// Fetch cluster of pixels at current position
			var pixel = ctx.getImageData( x, y, resolution, resolution );

			// Check that opacity is above zero on the cluster
			if( pixel.data[3] != 0 ) {
				pixelMap.push( { x:x, y:y } );
			}
		}
	}
	return {
		data: pixelMap,
		resolution: resolution
	};
}

/* Pixel collision detection pseudo code */
function pixelHitTest( source, target ) {

	// Source and target object contain two properties
	// { data: a render-map, resolution: The precision of the render-map}

	// Loop through all the pixels in the source image
	for( var s = 0; s < source.pixelMap.data.length; s++ ) {
		var sourcePixel = source.data.pixelMap[s];
		// Add positioning offset
		var sourceArea = {
			x: sourcePixel.x + source.x,
			y: sourcePixel.y + source.y,
			width: target.pixelMap.resolution,
			height: target.pixelMap.resolution
		};

		// Loop through all the pixels in the target image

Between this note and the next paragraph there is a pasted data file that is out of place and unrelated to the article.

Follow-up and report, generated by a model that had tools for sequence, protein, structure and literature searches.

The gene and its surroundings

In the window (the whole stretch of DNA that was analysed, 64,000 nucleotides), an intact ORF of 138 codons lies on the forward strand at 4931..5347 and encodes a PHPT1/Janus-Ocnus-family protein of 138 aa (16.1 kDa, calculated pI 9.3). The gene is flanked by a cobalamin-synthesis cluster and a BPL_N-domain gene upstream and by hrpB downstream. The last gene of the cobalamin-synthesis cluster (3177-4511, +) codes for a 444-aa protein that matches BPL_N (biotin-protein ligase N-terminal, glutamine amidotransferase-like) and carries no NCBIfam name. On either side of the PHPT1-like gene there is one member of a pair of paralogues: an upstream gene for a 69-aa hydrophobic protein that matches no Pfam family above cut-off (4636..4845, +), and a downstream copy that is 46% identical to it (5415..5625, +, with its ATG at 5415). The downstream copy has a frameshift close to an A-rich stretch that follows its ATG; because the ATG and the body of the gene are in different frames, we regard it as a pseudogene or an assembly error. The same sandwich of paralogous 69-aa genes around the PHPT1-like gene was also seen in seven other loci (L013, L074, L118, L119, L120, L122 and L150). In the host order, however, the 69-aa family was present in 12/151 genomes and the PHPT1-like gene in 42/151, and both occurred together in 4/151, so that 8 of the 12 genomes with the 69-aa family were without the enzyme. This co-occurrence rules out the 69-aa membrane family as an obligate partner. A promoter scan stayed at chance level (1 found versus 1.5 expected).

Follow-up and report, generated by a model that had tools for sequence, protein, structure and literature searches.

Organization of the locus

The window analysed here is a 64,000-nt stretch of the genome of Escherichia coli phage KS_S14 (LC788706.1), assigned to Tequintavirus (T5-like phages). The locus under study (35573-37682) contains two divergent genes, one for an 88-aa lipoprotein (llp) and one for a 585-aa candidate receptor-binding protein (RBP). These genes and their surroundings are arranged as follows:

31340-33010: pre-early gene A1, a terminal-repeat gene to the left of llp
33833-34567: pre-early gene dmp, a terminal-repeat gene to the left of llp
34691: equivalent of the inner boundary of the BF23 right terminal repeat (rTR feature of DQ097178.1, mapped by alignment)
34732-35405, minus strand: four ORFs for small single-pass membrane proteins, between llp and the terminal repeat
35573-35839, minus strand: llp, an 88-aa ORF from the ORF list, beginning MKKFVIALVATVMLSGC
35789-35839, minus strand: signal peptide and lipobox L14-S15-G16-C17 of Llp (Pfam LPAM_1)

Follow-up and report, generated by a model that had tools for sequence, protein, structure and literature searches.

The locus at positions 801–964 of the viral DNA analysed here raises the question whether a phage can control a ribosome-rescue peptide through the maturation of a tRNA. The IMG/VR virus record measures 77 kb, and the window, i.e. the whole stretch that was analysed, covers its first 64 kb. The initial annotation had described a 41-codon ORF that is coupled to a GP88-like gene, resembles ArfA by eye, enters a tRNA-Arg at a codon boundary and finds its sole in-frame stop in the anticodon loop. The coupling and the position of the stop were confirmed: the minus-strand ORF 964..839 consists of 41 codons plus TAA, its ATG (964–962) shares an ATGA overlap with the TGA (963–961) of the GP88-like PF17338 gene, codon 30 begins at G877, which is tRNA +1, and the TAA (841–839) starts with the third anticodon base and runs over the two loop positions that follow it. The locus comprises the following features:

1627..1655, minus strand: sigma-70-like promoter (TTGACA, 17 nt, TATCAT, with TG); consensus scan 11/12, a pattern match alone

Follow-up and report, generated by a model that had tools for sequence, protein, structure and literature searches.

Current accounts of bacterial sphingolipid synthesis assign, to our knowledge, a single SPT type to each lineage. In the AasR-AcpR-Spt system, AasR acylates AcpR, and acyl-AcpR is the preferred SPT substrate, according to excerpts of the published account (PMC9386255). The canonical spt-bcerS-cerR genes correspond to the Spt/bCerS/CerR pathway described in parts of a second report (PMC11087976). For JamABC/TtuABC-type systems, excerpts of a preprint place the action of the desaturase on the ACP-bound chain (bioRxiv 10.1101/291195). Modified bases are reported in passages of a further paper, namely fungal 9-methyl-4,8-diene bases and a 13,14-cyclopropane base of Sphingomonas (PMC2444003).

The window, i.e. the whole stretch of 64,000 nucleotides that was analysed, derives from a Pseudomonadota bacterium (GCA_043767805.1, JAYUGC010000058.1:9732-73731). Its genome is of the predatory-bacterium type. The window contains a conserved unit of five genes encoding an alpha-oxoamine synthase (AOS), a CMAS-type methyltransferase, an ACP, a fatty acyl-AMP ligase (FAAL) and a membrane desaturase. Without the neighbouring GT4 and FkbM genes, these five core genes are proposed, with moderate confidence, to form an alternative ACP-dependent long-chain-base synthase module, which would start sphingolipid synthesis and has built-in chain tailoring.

for( var t = 0; t < target.pixelMap.data.length; t++ ) {
			var targetPixel = target.pixelMap.data[t];
			// Add positioning offset
			var targetArea = {
				x: targetPixel.x + target.x,
				y: targetPixel.y + target.y,
				width: target.pixelMap.resolution,
				height: target.pixelMap.resolution
			};

			/* Use the earlier aforementioned hitbox function */
			if( hitBox( sourceArea, targetArea ) ) {
				return true;
			}
		}
	}
}

The same 40 * 40 pixel square will now only generate a 100 pieces, which is quite the gain from over previous 1600 piece render map. And from going over 2560000 computations we are down at 10000 computations, which is 0,39% of the original computations. You could potentially build out this system further with higher accuracy, where you have multiple render maps with different resolutions, and checking large clusters first and going downwards from there, though the complexity of the system would grow quite a lot. With the current implementation it takes about 1-2ms to calculate a worst-case scenario collision when using a resolution of 3 on two 40*40px circular objects.

Here’s a gist of the complete class. (edit: 9 Aug. 2013, Updated the gist with a more efficient algorithm)

An example of the code in action will come later as I progress with the game. Though a lot of things might change in the approach I’ll use for the real version.

Update 2014-07-14

I started working on an improved and more thorough example last winter, but never got it finished. But if you want to check out the source, here it is. It also has object picking, so things are draggable.